There are talks about a possibile of the emergence of a crisis between tribes after the latest assassinations. Some tribes accuse other tribes of being behind these acts. Does this imply that the person who launched the attack on the six shaykhs of the al-Ubaid tribe is a member of this tribe, given the fact that the tribal meeting in Diyala was held at the stronghold of al-Ubaid tribe?

I am certain that there will be no crisis between the tribes. There are massive security infiltrations in the military apparatus tasked to protect conferences. For example, what has happened to the al-Ubaid tribe differs from what has happened at Shafta mosque in Ba'quba, where a suicide bomber detonated his explosive belt at a national reconciliation gathering killing 37 government officials, members of the security and military apparatuses and tribal leaders. At the al-Ubaid conference, a boy, not yet eleven years old, was behind the terrorist attack. This provides enough evidence on the weakness and failure of al-Qaida. We believe that al-Qaida will seek to mobilize women suicide bombers instead of men. In this respect, religious scholars should take the right stances regarding the struggle of young people and women who are forbidden by God to join such a struggle.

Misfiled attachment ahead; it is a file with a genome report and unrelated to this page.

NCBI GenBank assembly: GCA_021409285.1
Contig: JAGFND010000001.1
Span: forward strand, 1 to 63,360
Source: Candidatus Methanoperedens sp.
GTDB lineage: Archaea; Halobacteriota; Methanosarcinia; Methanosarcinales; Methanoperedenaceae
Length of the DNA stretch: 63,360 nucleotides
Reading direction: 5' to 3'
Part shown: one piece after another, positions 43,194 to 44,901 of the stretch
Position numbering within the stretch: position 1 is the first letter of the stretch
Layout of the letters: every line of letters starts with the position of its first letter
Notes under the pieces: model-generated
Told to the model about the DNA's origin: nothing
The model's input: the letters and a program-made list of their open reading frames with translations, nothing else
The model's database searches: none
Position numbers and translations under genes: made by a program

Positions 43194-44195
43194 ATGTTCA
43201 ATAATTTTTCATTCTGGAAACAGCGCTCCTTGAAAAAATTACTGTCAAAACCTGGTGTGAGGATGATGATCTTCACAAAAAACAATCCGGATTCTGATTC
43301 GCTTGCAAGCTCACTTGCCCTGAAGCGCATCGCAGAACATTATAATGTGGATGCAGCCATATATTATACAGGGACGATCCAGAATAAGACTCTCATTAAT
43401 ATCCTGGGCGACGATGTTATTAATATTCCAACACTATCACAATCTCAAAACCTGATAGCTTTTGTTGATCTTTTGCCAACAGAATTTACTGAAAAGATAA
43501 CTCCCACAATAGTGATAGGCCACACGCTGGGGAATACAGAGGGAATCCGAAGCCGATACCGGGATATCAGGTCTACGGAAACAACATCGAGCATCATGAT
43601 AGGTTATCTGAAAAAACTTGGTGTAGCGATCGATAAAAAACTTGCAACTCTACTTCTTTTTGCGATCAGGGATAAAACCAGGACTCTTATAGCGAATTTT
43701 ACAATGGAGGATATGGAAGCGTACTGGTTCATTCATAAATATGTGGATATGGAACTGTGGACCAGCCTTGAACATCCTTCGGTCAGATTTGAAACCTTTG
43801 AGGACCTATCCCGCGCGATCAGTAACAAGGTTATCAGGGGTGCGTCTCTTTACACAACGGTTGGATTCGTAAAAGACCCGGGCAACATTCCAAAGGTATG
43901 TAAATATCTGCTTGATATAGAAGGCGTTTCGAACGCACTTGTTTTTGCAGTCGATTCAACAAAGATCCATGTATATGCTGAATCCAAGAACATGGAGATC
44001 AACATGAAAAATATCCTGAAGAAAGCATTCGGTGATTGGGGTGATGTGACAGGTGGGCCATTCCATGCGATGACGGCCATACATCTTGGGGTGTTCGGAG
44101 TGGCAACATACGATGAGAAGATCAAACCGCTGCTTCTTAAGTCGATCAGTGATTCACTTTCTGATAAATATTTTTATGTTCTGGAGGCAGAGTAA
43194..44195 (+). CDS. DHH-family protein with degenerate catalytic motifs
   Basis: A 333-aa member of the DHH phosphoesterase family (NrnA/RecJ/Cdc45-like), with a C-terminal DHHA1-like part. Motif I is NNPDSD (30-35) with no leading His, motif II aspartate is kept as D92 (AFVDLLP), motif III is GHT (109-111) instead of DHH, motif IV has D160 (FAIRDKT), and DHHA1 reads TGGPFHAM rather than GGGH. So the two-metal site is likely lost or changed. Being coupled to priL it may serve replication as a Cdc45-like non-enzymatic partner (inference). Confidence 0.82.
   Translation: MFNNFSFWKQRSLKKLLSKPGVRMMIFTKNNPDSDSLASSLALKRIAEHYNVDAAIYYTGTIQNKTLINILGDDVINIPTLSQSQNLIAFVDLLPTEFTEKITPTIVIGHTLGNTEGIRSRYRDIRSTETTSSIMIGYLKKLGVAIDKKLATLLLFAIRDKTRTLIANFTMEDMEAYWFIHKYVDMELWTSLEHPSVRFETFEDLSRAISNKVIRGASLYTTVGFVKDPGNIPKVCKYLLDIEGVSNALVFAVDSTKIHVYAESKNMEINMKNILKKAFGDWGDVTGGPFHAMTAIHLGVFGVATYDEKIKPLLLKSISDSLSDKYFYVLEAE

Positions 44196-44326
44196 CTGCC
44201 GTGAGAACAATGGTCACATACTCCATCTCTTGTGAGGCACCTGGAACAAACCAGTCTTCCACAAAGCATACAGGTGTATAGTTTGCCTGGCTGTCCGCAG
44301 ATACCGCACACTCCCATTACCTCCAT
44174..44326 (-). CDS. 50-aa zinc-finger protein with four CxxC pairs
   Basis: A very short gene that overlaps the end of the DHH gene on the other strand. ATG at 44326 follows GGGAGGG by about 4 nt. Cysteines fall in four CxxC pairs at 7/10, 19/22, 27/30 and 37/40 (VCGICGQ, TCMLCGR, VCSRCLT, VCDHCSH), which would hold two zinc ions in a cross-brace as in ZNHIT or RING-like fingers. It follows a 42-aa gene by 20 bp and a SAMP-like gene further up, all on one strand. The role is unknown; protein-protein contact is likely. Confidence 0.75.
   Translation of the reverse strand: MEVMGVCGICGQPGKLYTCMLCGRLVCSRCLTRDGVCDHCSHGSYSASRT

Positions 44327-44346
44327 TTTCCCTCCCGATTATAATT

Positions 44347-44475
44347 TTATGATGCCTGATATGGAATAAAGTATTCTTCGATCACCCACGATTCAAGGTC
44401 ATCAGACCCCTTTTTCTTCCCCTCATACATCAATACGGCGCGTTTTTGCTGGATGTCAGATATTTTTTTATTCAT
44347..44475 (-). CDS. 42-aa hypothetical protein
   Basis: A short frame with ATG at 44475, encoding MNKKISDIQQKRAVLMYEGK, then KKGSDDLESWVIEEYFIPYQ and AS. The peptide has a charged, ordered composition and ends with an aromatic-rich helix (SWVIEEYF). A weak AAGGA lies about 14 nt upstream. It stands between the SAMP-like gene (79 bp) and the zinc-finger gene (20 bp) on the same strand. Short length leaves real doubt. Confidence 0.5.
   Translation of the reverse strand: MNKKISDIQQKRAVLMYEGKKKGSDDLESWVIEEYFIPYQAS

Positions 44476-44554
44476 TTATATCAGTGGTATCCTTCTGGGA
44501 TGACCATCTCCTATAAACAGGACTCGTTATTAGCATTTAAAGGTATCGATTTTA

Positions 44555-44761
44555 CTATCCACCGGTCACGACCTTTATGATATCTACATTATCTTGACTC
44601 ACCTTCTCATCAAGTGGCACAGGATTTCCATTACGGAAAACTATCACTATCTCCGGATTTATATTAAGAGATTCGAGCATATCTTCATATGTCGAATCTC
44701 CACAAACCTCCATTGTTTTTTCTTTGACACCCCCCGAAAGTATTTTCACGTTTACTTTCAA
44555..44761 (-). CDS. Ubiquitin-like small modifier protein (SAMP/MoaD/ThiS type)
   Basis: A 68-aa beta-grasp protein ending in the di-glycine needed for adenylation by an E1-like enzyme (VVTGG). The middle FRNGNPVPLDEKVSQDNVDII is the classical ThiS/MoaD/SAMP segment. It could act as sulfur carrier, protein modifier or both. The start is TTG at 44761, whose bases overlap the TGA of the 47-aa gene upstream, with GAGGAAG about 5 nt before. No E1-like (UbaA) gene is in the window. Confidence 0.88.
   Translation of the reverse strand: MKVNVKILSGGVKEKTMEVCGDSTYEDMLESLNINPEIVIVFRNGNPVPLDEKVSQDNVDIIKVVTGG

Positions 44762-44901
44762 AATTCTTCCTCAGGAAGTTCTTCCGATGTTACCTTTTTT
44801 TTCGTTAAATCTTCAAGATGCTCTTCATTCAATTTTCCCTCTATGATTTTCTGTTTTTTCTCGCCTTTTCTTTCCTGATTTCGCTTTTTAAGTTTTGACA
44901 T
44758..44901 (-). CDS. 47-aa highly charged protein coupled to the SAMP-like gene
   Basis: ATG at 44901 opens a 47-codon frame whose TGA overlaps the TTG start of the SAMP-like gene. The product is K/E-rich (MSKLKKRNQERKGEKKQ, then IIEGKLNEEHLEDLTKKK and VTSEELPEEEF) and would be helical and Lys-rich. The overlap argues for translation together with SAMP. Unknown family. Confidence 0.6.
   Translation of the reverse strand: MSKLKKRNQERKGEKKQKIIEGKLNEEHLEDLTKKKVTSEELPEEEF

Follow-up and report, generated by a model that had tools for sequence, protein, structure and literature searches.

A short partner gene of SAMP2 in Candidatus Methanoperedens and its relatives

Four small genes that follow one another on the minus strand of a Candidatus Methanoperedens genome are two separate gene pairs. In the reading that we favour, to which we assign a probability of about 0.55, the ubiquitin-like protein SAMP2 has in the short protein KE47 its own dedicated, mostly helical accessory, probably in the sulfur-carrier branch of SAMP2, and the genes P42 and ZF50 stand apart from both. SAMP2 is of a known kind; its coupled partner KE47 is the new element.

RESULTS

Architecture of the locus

If we look back at the "Operation Imposing Law", implemented by the US and Iraqi troops, what are the successes achieved by this operation especially seen against the background of the uninterrupted series of assassinations and unknown corpses?

One can say that the operation implemented by US and Iraqi troops has succeeded in many areas in Diyala despite the existence of some pockets of al-Qaida and the Islamic State of Iraq, and that is particularly true because before the Operation Imposing Law, Diyala and its neighborhoods has been transformed into a Qandahar-like place. Thousands of innocent people were killed because of their ethnicity and sectarian affiliation and hundreds of heads were thrown on the main roads, streets and garbage containers. Diyala would have become a city of death had it not been for the national conscious awakening. One year before the Anbar Awakening, a number of Sunni tribes rose in Diyala and threatened to launch a war against al-Qaida. The awakening declared by the martyr Shaykh Abdul-Sattar Abu Risha in al-Anbar came a year after the Diyala awakening and al-Qaida had lost its bases. This has led to the success of the operation declared by the Iraqi government in the city. Regarding ethnic cleansing campaigns, there are armed groups in Diyala, who fallaciously claimed their affiliation to the Sadr Movement and another group, who found themselves obliged to renounce any relations with al-Qaida while embracing its acts and these two groups are to be held responsible for the crimes being committed in the name of religion.